As a college student, my backpack is an extension of myself in many ways. It contains my notes, pens, and computer vital for my success in college. It contains the snacks and water bottle I need to survive long days on campus. It also contains the "in-case" items that help put my mind at rest if I forgot something from home: extra hair ties, masks, and that backup-backup snack. With so much in my backpack important to me and my life on campus, it is no wonder that I can get apprehensive about it when it is not with me or in my line of sight. And that makes me wonder.

Keep Reading... Show less

5 Cool Gadgets To Make Your Car Smart

Don't let this stop you from making your car smart. You can change the one you have using smart gadgets that transform your car into a smart car.


Cars are no longer just a mode of transport, where you only worry about the engine and how beautiful its interior is. These days, everyone wants to make their cars smarter, those with advanced technology systems. It makes sense for several reasons. It can make your vehicle more efficient and safer when you need to drive.

Keep Reading... Show less

The Inevitable Truth of Loss

You're going to be okay.


As we humans face loss and grief on a daily basis, it's challenging to see the good in all the change. Here's a better perspective on how we can deal with this inevitable feeling and why it could help us grow.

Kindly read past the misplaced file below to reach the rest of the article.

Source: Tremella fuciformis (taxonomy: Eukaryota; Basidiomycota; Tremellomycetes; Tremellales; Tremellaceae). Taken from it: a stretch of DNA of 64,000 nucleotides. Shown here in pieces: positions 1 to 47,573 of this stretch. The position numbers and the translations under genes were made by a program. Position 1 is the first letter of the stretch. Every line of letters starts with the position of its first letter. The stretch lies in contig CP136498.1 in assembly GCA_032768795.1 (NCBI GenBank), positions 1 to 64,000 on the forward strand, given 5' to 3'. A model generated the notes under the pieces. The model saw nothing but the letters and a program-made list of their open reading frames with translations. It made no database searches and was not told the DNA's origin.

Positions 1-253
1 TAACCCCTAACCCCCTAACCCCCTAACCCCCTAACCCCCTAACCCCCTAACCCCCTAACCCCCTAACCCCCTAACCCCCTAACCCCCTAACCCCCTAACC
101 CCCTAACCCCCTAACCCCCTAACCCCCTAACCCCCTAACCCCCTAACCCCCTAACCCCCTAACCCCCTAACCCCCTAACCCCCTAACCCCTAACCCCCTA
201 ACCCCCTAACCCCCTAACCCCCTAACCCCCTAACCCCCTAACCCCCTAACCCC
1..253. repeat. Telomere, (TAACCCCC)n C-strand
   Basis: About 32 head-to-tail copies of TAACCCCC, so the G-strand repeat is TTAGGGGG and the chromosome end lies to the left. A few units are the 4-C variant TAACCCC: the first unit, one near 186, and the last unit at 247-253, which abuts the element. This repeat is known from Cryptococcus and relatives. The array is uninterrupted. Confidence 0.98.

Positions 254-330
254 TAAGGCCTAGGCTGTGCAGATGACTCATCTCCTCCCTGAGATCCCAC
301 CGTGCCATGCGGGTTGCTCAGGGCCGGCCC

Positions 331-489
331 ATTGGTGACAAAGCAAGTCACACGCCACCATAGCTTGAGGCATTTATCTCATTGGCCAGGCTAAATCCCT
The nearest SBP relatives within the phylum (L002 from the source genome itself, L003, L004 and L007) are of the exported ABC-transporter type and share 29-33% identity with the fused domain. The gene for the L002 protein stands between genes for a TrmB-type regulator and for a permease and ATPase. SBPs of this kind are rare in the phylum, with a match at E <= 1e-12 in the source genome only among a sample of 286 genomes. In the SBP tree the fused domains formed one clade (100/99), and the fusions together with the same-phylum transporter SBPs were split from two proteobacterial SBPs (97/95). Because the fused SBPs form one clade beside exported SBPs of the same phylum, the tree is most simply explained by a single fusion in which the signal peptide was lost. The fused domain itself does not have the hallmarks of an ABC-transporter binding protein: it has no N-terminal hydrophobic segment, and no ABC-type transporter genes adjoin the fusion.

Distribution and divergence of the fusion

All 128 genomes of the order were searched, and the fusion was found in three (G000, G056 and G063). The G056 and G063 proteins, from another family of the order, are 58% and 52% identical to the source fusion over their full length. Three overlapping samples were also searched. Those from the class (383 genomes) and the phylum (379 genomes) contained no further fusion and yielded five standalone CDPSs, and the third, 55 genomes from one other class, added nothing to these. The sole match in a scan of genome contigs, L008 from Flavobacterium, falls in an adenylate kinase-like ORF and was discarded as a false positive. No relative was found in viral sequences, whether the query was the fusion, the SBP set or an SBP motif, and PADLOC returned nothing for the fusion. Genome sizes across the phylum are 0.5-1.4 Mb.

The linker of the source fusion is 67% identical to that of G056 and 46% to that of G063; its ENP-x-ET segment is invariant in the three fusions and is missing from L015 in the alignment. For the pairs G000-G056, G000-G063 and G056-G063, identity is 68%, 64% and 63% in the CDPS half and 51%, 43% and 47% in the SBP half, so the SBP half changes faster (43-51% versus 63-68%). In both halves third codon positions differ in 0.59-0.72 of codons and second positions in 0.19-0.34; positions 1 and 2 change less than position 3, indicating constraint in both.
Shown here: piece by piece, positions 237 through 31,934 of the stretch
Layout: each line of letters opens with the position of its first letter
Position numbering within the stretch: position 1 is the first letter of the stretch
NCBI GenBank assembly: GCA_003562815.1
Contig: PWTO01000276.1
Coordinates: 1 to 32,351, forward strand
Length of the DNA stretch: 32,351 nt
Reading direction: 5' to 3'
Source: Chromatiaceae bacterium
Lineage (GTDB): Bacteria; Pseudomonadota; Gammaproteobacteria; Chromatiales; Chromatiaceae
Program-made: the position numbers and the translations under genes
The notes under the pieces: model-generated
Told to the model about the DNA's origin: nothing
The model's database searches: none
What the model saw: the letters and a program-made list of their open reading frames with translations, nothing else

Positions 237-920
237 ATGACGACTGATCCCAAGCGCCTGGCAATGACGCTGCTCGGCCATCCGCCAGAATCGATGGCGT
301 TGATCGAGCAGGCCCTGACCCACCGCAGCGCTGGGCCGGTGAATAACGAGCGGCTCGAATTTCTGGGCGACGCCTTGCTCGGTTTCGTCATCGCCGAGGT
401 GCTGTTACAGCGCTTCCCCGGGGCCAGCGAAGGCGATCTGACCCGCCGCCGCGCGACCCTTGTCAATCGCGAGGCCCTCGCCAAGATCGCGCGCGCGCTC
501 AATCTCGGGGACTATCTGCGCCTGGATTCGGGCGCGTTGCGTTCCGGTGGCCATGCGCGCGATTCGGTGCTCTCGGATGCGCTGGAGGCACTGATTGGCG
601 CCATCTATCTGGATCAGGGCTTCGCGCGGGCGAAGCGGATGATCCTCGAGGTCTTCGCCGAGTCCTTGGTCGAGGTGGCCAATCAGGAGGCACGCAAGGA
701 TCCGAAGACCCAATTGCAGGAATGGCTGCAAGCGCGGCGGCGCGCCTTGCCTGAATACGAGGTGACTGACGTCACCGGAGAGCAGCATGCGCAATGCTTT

Keep Reading... Show less

'Venom: Let There Be Carnage' Film Review

Tom Hardy and Woody Harrelson lead a tigher, more fun sequel to 2018's 'Venom'

Photo Credit: Sony Pictures Entertainment – YouTube https://www.youtube.com/watch?v=-FmWuCgJmxo

When Sony announced that Venom would be getting a stand-alone movie, outside of the Tom Holland MCU Spider-Man films, and intended to start its own separate shared universe of films, the reactions were generally not that kind. Even if Tom Hardy was going to take on the role, why would you take Venom, so intrinsically connected to Spider-Man's comic book roots, and remove all of that for cheap action spectacle?

Keep Reading... Show less

'The Addams Family 2' Film Review

The sequel to the 2019 reboot is an enjoyable, but unremarkable start to the Halloween movie season

Photo Credit: MGM – YouTube https://www.youtube.com/watch?v=Kd82bSBDE84

There's a reason why the Addams Family have become icons of the American cartoon pantheon (although having one of the catchiest theme songs in television history doesn't hinder them).

Keep Reading... Show less
Facebook Comments